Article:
By now, Kavanaugh’s story is well known in the biz: A charismatic young man became a star in two worlds when he played matchmaker between Hollywood and Wall Street, but then fell from grace when some of his investors began losing money.
Between 2005 and 2008, Relativity arranged more than $2.5 billion in financing deals with Warner Bros., Sony and Universal in exchange for hefty producing fees. According to a lawsuit filed by one investor, Aramid Entertainment Fund, Kavanaugh received $1 million dollars and 2% of the gross for films under an arrangement at Sony. According to court documents, Relativity sold its stake in Sony’s slate for at least $14.5 million in 2011. The good parts of this story get trumpeted in interviews, and there have been many: Features have appeared in Esquire, Vanity Fair, Forbes, Variety and other publications over the past few years, many of which tout the company’s meteoric rise and its Monte Carlo simulation strategy for choosing films.
“You can’t think of it as money,” Kavanaugh told Esquire in 2009. “You have to think of it as math.”
But the math on the slate deals didn’t always work. At the same time Relativity was expanding, investors in the Sony and Universal deals were losing money — in part because some of the films underperformed and because of the decline in the homevid market. Lawsuits against Relativity from partners including Citigroup (Relativity also sued Citigroup over interest-rate terms; both suits were eventually settled) and Aramid Entertainment followed, and debtholders like Deutsche Bank struggled to sell off their positions entirely.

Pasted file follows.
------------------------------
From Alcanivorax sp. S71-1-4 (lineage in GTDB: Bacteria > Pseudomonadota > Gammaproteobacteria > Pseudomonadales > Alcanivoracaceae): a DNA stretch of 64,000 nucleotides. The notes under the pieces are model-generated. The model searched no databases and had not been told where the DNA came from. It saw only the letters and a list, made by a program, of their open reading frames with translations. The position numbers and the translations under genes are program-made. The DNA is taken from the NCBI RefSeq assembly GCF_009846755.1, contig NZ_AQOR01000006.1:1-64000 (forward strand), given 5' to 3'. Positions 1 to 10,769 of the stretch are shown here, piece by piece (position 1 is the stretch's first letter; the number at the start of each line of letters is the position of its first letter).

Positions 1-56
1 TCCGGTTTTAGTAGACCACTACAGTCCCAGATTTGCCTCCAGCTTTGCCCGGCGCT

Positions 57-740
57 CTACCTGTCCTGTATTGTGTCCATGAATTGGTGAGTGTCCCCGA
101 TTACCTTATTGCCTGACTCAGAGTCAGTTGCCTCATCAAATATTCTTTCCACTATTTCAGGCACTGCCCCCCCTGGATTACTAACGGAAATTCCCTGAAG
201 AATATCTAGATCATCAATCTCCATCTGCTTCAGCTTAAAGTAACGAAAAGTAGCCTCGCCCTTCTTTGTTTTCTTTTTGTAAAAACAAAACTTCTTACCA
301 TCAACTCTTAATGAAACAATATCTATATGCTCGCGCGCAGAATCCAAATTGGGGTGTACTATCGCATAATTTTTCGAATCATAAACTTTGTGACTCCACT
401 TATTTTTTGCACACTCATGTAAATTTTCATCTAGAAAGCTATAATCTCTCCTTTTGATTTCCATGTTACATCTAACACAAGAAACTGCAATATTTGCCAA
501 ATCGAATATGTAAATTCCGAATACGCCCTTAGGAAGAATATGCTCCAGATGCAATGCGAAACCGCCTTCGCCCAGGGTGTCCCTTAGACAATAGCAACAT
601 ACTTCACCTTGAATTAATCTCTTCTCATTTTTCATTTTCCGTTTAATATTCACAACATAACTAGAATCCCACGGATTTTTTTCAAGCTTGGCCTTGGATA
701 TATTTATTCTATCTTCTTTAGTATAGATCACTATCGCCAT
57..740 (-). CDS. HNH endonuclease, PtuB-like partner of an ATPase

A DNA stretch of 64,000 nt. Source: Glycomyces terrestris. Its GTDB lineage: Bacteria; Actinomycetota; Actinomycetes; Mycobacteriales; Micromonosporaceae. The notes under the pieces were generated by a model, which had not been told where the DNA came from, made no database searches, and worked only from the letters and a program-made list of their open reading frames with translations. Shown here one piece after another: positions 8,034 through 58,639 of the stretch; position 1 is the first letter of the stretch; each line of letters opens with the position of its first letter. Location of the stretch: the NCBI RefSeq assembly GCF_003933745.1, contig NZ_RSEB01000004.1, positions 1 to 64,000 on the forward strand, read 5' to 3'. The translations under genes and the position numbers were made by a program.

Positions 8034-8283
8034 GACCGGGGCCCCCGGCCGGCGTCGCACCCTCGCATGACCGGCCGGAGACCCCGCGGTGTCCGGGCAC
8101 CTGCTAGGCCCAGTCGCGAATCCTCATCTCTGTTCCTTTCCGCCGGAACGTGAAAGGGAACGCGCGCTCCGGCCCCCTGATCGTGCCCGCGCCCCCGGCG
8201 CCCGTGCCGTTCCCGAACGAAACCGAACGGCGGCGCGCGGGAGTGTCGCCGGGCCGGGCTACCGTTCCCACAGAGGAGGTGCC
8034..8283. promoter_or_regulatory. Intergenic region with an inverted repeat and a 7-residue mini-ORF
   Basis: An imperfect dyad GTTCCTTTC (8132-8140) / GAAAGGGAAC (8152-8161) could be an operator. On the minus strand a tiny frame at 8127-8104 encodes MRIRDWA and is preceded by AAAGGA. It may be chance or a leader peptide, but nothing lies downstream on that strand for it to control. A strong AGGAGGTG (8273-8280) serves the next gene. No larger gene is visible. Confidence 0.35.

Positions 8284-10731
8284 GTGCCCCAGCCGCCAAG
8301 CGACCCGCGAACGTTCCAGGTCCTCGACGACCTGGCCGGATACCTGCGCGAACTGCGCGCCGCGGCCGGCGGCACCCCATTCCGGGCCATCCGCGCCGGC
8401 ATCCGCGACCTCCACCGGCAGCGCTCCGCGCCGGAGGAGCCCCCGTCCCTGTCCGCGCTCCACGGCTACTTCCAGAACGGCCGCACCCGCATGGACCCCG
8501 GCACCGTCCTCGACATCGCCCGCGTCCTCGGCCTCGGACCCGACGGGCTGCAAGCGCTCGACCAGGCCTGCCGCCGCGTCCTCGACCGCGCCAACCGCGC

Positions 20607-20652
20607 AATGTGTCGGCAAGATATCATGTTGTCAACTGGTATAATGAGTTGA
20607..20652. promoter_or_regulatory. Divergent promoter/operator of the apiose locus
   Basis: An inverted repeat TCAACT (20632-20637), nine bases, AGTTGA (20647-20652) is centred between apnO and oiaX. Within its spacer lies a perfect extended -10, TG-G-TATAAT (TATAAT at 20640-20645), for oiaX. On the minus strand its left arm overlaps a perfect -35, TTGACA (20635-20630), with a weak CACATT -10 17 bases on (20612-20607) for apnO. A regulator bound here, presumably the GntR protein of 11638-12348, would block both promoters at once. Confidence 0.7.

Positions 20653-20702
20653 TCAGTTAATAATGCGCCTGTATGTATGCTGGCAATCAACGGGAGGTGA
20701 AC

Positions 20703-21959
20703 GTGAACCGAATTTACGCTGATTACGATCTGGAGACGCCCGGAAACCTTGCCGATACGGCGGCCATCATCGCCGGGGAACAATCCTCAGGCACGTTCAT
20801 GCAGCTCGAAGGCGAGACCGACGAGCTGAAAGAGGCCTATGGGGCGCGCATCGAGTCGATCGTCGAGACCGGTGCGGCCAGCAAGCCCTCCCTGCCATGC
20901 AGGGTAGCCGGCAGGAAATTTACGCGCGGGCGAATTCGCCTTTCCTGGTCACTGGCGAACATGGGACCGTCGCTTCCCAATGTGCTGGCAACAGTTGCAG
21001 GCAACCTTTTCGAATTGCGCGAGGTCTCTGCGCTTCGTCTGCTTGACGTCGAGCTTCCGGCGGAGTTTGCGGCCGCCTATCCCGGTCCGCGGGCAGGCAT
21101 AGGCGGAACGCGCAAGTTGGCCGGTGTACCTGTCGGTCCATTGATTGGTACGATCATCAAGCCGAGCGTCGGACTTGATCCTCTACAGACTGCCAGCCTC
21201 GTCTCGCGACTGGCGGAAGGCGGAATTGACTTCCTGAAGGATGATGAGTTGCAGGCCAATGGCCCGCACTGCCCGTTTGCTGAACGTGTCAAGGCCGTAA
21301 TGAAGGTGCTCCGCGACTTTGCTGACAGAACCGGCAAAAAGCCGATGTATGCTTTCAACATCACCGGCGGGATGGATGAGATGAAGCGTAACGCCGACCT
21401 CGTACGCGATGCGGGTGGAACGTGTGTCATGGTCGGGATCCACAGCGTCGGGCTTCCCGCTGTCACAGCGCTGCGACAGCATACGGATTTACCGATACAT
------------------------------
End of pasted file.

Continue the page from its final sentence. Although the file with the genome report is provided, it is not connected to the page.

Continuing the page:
The juxtaposition of success and failure has made the 38-year-old Kavanaugh a polarizing figure. And Hollywood has become fixated on Relativity Media’s performance. Sources close to Kavanaugh said he chalks it up to envy over Relativity’s fast rise.